The Rev. Zbigniew Suchecki, left, celebrates a Lenten Mass at St. John’s Archcathedral in Warsaw. The congregation prayed for a ‘wise choice’ of a successor to Pope Benedict XVI, who stepped down last week.
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VATICAN CITY — Millions attending Sunday Mass on five continents for the first time since Pope Benedict XVI’s retirement had different ideas about who should lead the Roman Catholic Church next.
Suggestions ranged from a Latin American pope to one more like the conservative, Polish-born John Paul II.
What most agreed on, however, was that the church is in dire need of a comeback.
Clergy sex abuse scandals and falling numbers of faithful have taken their toll on the church, and many parishioners said the next pope should be open about the problems.
Worshippers in the developing world prayed for a pope from a poorer, non-European nation, while churchgoers in Europe said what was more important was picking a powerful figure who could stop the losses in Catholic numbers.
Some South African Catholics called for what they said was a more pragmatic approach to contraception given the AIDS epidemic devastating that continent.
They also suggested ending the celibacy requirement for priests, insisting on what’s viewed as the traditional importance of a man having a family.
At the Holy Trinity Church in Johannesburg, the Rev. Russell Pollitt said he believed the fact that the numbers of cardinals from the West outweighed those from the developing world lessens the chances of a pope from Africa.
But he didn’t think that necessarily would be a bad thing.
“Our African cardinals tend to be conservative and likely would be less open to any new initiative that I think the church is in need of — someone new to bring about an openness for new dialogue about ecumenism, about our relationship with other religions, about priestly celibacy and homosexuality,” he said.
Catholics pray during a Sunday Mass in Sao Paulo. Catholics around the world attended the first Sunday Masses since Pope Benedict’s departure.
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Yet not everyone was seeking change.
In Washington, a parishioner at St. Matthew’s Cathedral said he sought a continuation of the conservative line of the last two popes in the coming papal choice.
“I’d like to see a very strong leader who would bring the church back to its traditionalist past and its best years, in a sense, picking up where Benedict left off,” said parishioner John Gizzi.
Preparations for electing Roman Catholicism’s new leader begin in earnest today as the cardinals open daily talks to sketch informal guidelines for the next pope and ponder who among them might fill the role.
The idea is to have the new pope elected during next week and officially installed several days later so he can preside over the Holy Week ceremonies starting with Palm Sunday on March 24 and culminating in Easter the following Sunday.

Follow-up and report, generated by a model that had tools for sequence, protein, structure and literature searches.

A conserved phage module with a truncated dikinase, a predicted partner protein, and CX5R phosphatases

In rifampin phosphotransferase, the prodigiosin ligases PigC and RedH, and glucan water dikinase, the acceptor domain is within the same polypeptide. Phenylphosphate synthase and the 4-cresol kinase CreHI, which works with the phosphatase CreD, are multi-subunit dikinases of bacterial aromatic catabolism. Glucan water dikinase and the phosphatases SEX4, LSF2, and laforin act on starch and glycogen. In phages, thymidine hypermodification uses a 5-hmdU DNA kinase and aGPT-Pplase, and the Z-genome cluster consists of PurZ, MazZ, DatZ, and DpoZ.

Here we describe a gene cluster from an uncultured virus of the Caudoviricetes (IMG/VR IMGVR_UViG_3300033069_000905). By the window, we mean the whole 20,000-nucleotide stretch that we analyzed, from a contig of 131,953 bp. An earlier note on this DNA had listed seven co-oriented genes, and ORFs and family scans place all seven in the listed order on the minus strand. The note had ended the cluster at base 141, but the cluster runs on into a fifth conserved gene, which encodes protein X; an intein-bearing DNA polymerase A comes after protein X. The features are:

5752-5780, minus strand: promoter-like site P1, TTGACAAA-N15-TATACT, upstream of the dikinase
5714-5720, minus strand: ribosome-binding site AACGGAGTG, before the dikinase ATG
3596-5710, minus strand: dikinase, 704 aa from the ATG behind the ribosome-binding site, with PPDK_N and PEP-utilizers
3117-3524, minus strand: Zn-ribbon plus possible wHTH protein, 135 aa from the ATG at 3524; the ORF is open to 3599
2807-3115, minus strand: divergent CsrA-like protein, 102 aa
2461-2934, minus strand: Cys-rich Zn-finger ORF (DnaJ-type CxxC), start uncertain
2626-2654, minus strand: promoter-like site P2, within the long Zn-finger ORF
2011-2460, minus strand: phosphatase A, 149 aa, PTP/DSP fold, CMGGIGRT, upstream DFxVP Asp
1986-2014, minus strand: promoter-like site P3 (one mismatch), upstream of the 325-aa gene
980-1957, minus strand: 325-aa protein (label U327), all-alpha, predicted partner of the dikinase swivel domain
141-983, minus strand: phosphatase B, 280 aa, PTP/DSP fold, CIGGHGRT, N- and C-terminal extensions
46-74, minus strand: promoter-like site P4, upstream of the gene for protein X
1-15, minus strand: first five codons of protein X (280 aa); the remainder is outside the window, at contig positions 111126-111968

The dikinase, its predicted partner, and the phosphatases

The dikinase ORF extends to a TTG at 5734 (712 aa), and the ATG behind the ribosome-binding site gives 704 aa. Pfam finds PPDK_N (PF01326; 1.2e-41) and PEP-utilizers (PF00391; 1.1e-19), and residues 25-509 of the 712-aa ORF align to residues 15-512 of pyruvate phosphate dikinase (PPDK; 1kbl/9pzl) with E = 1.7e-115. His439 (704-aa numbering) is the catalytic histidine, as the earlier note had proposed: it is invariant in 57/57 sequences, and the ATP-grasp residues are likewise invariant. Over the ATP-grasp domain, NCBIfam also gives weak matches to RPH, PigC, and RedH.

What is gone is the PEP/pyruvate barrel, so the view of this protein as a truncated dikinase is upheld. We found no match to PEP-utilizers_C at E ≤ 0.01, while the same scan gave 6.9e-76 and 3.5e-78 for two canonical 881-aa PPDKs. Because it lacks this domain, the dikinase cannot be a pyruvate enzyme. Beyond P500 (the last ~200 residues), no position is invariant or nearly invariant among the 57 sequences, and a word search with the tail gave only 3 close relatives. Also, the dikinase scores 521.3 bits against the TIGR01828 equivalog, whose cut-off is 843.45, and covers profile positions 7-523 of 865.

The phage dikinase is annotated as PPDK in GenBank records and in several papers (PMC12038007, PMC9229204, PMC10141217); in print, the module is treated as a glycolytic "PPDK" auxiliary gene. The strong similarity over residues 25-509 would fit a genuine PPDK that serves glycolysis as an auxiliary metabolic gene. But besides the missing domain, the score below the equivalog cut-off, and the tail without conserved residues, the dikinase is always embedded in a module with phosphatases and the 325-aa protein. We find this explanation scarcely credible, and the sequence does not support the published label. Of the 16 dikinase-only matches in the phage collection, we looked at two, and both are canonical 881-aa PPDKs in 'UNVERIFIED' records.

The general gatherings, closed-door meetings during the vacancy between a papacy and the conclave to choose the next one, will hold morning and afternoon sessions in an apparent effort to discuss as much as possible in a short time.
The list of challenges facing the church could take weeks to debate, but the Vatican seems keen to have only a week of talks so the 115 cardinal electors — those under 80 — can enter the Sistine Chapel for the conclave next week.
High on the agenda will be church governance after last year’s Vatican leaks scandal exposed corruption and rivalries in the Vatican’s bureaucracy. Cardinals expect to be briefed on a secret report to the Pope on the problems it highlighted.
Filipino Priest Victorino Cueto sprinkles holy water at the Shrine of Our Lady of Perpetual Help near Manila. Preparations to elect a pope begin today as cardinals open talks to sketch informal guidelines.
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“We should know about some things we don’t have enough information about because of our work or the distance [from Rome],” Honduran Cardinal Oscar Rodriguez Maradiaga told Italian television.
Cardinal Daniel DiNardo, archbishop of Galveston-Houston in Texas, noted more than half the cardinal electors had been named since the now-retired Pope Benedict was chosen in 2005 and had to find out how this most secretive of elections is conducted.
“Part of this is learning,” he said.
Cardinals over 80 can attend the general congregations and discuss issues with the electors, but not take part in the conclave itself.
The meetings are also a time for sizing up the undeclared candidates by watching them closely in the debates and checking discreetly with other cardinals about their qualifications.
“I don’t think any of us will go in saying, ‘This is who I will vote for’,” Boston Cardinal Sean O’Malley said. “You’re faced with a number of choices.”
One urgent decision the cardinals must take is when to go into the conclave.
Only all 115 electors can make the decision and not all are in Rome yet, so it may take a few days before the actual date is set.
Cardinals never reveal publicly who they prefer but drop hints in interviews by discussing the identikit for their ideal candidate. The most frequently mentioned quality is an ability to communicate the Catholic faith convincingly.
Several strike a note of nostalgia for the charismatic late Pope John Paul II after eight years of his shy successor, Pope Benedict, who shocked the Catholic world by becoming the first pope in almost 600 years to resign last month.
Many cardinals say the new pope could come from outside Europe, but it is not clear if the conclave, which has a slight majority of European cardinals, will break the long-standing tradition of choosing only men from the continent.
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